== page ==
Cleanup & Debris Removal

Once you've determined you and your family are safe, keep the following in mind as you begin any type of clean up or repairs after a hurricane.

Assess your area. Make note of what may need to be moved, cleaned up, or repaired – only if it is safe to do so. Keep an eye out for potential hazards.

Avoid standing water. Floodwaters may continue to rise after a hurricane has passed. Don't walk or drive through standing water; you run the risk of electrocution, falling, or other injuries. As little as 12" of water can float a car. The water may hide a number of hazards, including dangerous wildlife, unexpected potholes, bacteria, and sewage.

Prevent further damage. Take reasonable steps to prevent additional damage to your property, such as covering broken windows, placing a tarp over a damaged roof, or removing moldy items. Keep receipts for any temporary repairs you make – these costs may be reimbursable under your policy.

Mold & mildew mitigation. Water-damaged homes are at risk of mold and mildew growth, which can develop just 24-48 hours after the water exposure. Clean and disinfect what can be cleaned. Use fans, if possible, to dry wet areas. Remove soaked items unable to be completely cleaned or dried, such as rugs, carpets, couches, pillows, and mattresses.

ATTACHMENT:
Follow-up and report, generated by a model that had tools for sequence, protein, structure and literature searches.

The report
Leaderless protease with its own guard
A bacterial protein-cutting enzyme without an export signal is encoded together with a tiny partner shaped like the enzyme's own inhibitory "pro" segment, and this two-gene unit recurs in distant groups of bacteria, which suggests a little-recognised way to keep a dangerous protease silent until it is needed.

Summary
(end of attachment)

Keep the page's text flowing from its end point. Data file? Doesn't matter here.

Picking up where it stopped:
Know your limits! Doing too much at once can lead to heart attacks, heatstroke, and other life-threatening medical problems. Stay hydrated and wear protective clothing, including a hat, goggles, gloves, and sunscreen when outdoors.

Use equipment wisely. Understand generator safety to avoid carbon monoxide poisoning, electric shock, and fire. Do not use generators, grills, or any gasoline-powered tools in the home or garage. Wear safety gear and only use power tools if you can safely operate them.

Toss suspect perishables. Even with a full freezer and the door kept closed, food will remain frozen for just 2 days. For food in the refrigerator, it's just 4 hours – or less. Don't take chances: throw out anything you think might make you sick.

Be patient. Commit to remaining safe until things stabilize. It can take a while for emergency responders to clear roadways – a few days for major thoroughfares, and even longer for side streets. If you need to seek shelter elsewhere because your home is not safe to stay in, do so.